Researchers Find Exploitable Bugs in Mercedes-Benz Cars


Following an eight-month audit of the code in the latest infotainment system in Mercedes-Benz cars, security researchers with Tencent Security Keen Lab identified five vulnerabilities, four of which could be exploited for remote code execution.

The vulnerabilities were found in the Mercedes-Benz User Experience (MBUX), the infotainment system initially introduced on A-class vehicles in 2018, but has since been adopted on the car maker’s entire vehicle line-up.

The vulnerabilities, tracked as CVE-2021-23906, CVE-2021-23907, CVE-2021-23908, CVE-2021-23909, and CVE-2021-23910, provides hackers with remote control of some of the car’s functions, but not with access to physical features, such as steering or braking systems.

In addition to targeting the main infotainment head unit, the security researchers also analyzed Mercedes-Benz’s T-Box, successfully exploited some of the identified attack scenarios, and even combined some of them to compromise the head unit even in real-world vehicles.

The Keen Team researchers discovered the use of an outdated Linux kernel that was susceptible to specific attacks, exposure via the included browser’s JavaScript engine, and potential exposure to flaws in the Wi-Fi chip, Bluetooth stack, USB functions, or included third-party apps that communicate with remote servers.

Analysis of the head unit revealed a series of heap overflow vulnerabilities, including two that could lead to memory leaks and code execution; the possibility to set up remote shell using a vulnerability in the provided browser; the lack of SELinux or AppArmor that allowed for the abuse of a Linux kernel bug for privilege escalation; and several additional issues.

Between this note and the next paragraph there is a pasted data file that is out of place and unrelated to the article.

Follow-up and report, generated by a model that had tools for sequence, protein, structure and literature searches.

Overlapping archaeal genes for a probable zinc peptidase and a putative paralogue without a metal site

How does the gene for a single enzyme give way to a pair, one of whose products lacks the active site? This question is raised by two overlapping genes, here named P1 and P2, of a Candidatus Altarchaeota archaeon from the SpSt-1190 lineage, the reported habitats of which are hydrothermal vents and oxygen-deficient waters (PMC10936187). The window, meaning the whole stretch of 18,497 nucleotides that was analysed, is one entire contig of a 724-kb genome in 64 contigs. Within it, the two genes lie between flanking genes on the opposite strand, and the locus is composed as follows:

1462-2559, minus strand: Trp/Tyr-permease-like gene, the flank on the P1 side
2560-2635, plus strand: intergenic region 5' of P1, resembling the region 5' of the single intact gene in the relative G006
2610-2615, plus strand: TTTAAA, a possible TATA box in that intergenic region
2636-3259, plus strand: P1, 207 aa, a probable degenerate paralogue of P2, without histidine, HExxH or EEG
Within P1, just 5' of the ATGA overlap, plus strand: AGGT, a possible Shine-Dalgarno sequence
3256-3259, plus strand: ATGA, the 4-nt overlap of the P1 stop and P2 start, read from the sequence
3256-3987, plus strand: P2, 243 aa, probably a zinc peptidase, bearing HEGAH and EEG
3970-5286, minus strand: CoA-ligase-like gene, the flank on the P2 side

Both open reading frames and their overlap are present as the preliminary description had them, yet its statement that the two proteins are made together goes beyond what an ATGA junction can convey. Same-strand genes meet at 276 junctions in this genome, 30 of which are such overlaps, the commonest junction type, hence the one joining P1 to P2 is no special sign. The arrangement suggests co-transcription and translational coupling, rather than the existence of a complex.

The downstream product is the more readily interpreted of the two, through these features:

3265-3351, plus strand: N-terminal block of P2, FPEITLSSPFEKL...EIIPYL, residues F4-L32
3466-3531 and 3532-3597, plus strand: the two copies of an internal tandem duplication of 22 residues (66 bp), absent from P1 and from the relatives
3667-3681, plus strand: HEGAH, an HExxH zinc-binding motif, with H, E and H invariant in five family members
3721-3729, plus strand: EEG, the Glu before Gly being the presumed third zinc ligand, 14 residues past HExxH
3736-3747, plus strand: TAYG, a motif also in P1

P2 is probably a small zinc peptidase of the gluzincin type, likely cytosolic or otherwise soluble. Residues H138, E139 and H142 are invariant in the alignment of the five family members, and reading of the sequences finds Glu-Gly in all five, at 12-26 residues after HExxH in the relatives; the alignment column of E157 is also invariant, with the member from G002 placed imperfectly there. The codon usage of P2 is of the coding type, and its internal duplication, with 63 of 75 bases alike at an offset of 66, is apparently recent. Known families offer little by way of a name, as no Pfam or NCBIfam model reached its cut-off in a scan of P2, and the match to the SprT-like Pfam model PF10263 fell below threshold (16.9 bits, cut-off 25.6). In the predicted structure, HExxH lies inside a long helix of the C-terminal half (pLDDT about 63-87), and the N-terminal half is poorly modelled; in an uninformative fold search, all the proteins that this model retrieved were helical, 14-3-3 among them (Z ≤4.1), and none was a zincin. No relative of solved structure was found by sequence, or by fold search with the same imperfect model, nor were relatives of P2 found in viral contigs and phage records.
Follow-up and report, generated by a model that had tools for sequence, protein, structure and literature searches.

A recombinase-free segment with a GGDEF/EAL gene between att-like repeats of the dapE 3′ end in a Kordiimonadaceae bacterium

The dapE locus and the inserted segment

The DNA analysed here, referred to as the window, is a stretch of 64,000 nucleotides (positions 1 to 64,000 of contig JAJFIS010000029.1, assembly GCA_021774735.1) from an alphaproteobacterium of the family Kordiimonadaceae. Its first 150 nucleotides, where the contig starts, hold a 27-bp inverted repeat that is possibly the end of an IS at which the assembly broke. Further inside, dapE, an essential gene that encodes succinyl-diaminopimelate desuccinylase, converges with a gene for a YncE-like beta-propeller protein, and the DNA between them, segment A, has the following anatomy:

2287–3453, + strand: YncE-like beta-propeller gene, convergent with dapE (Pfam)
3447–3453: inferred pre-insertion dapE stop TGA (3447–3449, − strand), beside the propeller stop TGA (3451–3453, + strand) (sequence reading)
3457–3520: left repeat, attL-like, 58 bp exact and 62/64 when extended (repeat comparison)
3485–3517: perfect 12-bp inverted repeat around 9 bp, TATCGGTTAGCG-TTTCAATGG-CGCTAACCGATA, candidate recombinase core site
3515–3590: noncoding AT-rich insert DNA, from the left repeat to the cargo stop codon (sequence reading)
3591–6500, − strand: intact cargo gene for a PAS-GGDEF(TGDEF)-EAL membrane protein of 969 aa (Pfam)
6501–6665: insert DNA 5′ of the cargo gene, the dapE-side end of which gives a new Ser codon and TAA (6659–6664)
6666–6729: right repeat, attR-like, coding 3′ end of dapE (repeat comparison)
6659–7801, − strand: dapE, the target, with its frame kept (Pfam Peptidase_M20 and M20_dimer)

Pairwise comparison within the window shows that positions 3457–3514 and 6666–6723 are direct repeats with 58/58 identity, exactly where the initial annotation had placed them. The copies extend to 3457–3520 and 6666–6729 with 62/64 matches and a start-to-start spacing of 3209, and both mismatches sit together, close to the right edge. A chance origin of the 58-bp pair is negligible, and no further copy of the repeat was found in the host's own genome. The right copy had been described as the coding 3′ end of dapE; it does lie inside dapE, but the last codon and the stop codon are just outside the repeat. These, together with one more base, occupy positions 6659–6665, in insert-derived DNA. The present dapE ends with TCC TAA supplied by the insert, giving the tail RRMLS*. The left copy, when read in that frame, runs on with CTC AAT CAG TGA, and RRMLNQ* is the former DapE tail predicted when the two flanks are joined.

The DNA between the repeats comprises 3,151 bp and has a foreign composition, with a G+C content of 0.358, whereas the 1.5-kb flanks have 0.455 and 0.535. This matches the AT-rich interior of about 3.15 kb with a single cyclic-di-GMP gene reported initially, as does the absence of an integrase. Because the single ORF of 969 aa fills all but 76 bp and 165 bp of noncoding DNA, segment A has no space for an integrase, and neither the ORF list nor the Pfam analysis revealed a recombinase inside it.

Following the initial compromise, which involved setting up a persistent web shell with root privileges, the researchers were able to unlock specific car functions and the vehicle’s anti-theft protection, inject a persistent backdoor, and even perform vehicle control actions.

By sending specific CAN messages, the researchers were able to control the ambient light in the vehicle, control the reading lights, open the sunshade cover and control the back-seat passenger lights, but were not able to take control of the vehicle.

Attack scenarios involving the T-Box would exploit the included Wi-Fi chip; the STA8090 chip that works as a receiver IC; the CAN bus; or the LTE connection (via Huawei’s balong baseband). However, security controls that Mercedes-Benz implemented prevented attacks from baseband or LTE’s downgrade to GSM (to hijacking vehicle control commands).

During their analysis, the researchers discovered two issues in the T-Box that could be abused in attacks. One could be exploited for code execution on the chip that receives messages from the CPU, converts them and sends them to the CAN bus. Thus, they were able to send arbitrary CAN messages to the CAN bus. They were also able to flash the firmware on the chip with a patched version, for persistence.

In their report, the researchers describe both successful and unsuccessful attack attempts, while also providing extensive technical details of the hardware and software they tested.

The identified vulnerabilities were reported to the vendor (Daimler, which owns Mercedes-Benz) in November 2020. Patches started rolling out in late January 2021.

“We highly appreciate the expertise of Tencent Security Keen Lab. In addition to their profound know-how I would like to thank the Keen Lab team for the productive collaboration which we would like to continue in future,” Adi Ofek, CEO of Mercedes-Benz Tel Aviv and holding the mandate for car IT security at Mercedes-Benz, said.

Related: Cars Exposed to Attacks by Hardcoded Credentials in MyCar Apps

Related: Vulnerabilities Expose Lexus, Toyota Cars to Hacker Attacks

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Ionut Arghire is an international correspondent for SecurityWeek.

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